Misstep 3 – if you’re born to be gay, it can’t be wrong to be gay. Despite trench warfare on this topic in some circles, Shaw’s attitude is that it doesn’t matter: we are all sinners, so a propensity to one form of sin over another is irrelevant in a fallen world and we are always responsible for our sin. Therefore the church should be comfortable with people being SSA yet still asserting it’s wrong to live it out. And ultimately much sin feels ‘natural’, yet it gets us into trouble all the time, such as in the environment, economics and relationships. Although Shaw doesn’t argue this, for me the clearest demolition of this is to be seen in the problematic comparing of homosexuality with paedophilia. Because of the toxic history of the justification of homophobia by assuming this, it is a minefield, yet is one we need to cross.
Misstep 4 – if it makes you happy it must be right. Whilst often heard, once examined for more than a second it becomes clear that it’s false. And yet it is often trotted out without thought, and guides people’s intuitive reactions. There are at least two fallacies here: the first is that this raises your happiness to the status of an authority to be obeyed; the second is that this trumps actual experience. It has given permission to people to give up on ‘unhappy’ marriages, when longitudinal studies show that two thirds of such marriages become happy after five years, as well driving the legitimation of remarriage after divorce. And of course sexual promiscuity will make me happy – briefly… Yet the only hard line that most churches proclaim is against gay relationships – so it’s not a surprise if the dam on this is leaking. Shaw also comments that what makes the world happy tends to change over time – so the church merely endorsing today’s sins will make us looking like idiots in a few years’ time. The reality is that if we are wanting what God doesn’t want us to have, it won’t really make us happy. Choosing God’s way may make us unhappy in the short term – but the final outcome will be glorious.
Misstep 5 – Sex is where true intimacy is found. Somewhere in recent years this idea has emerged, and given the need that EVERYONE has for intimacy, to have a people with whom to share your life, this has come to legitimate sexual activity in a way wholly alien to the Christian tradition. Part of the problem is that marriages have come to be seen as the only place for intimacy, putting a serious strain of excess expectations on them and again leaving single people more isolated than they should be. The assumption that the relationship of David and Jonathan was sexualised is an instance of this – whereas historically all readers would have seen it as an example of an easy friendship in contrast to their polygamous and iffy marriages. We need to work at such relationships in our lives – and there should be other friendships, even if we are married. In the absence of adequate intimacy elsewhere, the drive towards other attractions, such as porn, is accentuated. We live in a ‘world of terminally casual relationships’; we need to do better, with a willingness to risk personal disclosure to deepen friendships beyond the casual.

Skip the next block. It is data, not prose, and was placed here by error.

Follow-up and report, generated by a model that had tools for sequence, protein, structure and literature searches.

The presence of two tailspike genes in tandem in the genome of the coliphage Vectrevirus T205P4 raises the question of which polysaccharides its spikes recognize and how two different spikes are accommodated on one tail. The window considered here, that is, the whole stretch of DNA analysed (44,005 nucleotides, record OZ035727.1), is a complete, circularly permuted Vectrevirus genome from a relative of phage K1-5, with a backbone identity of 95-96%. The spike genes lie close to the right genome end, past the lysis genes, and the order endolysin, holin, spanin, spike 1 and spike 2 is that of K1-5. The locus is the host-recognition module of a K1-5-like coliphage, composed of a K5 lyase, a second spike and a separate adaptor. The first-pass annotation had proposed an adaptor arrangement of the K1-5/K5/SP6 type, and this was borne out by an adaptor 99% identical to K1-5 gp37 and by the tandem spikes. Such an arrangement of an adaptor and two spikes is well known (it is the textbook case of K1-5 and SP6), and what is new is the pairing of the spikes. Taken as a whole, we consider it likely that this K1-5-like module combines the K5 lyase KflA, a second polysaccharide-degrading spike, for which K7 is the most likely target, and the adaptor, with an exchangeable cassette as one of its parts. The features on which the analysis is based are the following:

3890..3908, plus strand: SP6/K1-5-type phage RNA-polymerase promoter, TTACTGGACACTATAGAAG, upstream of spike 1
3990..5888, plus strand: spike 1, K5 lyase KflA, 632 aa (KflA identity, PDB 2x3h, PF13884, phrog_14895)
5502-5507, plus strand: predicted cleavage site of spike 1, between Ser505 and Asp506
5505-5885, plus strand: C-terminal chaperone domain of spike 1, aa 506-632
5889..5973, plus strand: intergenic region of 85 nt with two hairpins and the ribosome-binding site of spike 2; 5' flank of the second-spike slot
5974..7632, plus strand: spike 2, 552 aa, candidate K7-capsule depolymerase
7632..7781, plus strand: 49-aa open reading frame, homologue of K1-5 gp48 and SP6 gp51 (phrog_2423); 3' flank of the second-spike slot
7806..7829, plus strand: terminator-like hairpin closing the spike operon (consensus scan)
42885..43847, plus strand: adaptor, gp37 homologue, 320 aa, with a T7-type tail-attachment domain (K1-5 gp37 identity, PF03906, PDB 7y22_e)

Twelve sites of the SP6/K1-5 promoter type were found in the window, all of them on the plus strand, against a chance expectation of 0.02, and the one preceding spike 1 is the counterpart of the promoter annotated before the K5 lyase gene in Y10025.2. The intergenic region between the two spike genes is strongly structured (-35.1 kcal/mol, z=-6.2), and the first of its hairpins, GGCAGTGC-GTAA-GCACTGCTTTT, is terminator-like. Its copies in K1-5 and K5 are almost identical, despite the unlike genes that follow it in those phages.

Misstep 6 – Men and women are interchangeable. In reaction to the abuses of the past, the Christian ideal of equal status but different roles has been delegitimated and replaced with a demand for total equality. Yet the distinction is from creation, and Paul’s clear teaching in his household codes that men and women do have different roles makes it clear that this continues into the church. Shaw points beyond the traditional but pastorally inadequate issues of procreation and companionship to sexuality being to tell the story of His love for us; sex is the trailer for the world to come! The understanding of marriage as a model for God’s covenant with Israel is found in Hosea and Ezekiel 16, whilst Revelation 21 is the marriage of Jesus to the church. The clearest statement is Ephesians 5, where Paul teaches that marriage is the pattern of the relationship of Christ and his church. To reject these indications of complementarity for interchangeability is to equate creator and created and to suggest that any of us could be the bridegroom in Revelation 21.
Shaw also quotes a woman who had been been in lesbian relationship before marrying a man, who comments: ‘It is because of the differences marriage works; two men or two women understand each other too well and thus excuse rather than forgive.’ Overall the church needs to do better at affirming the equality of status as well as the importance of the differences. Only then will our message be plausible.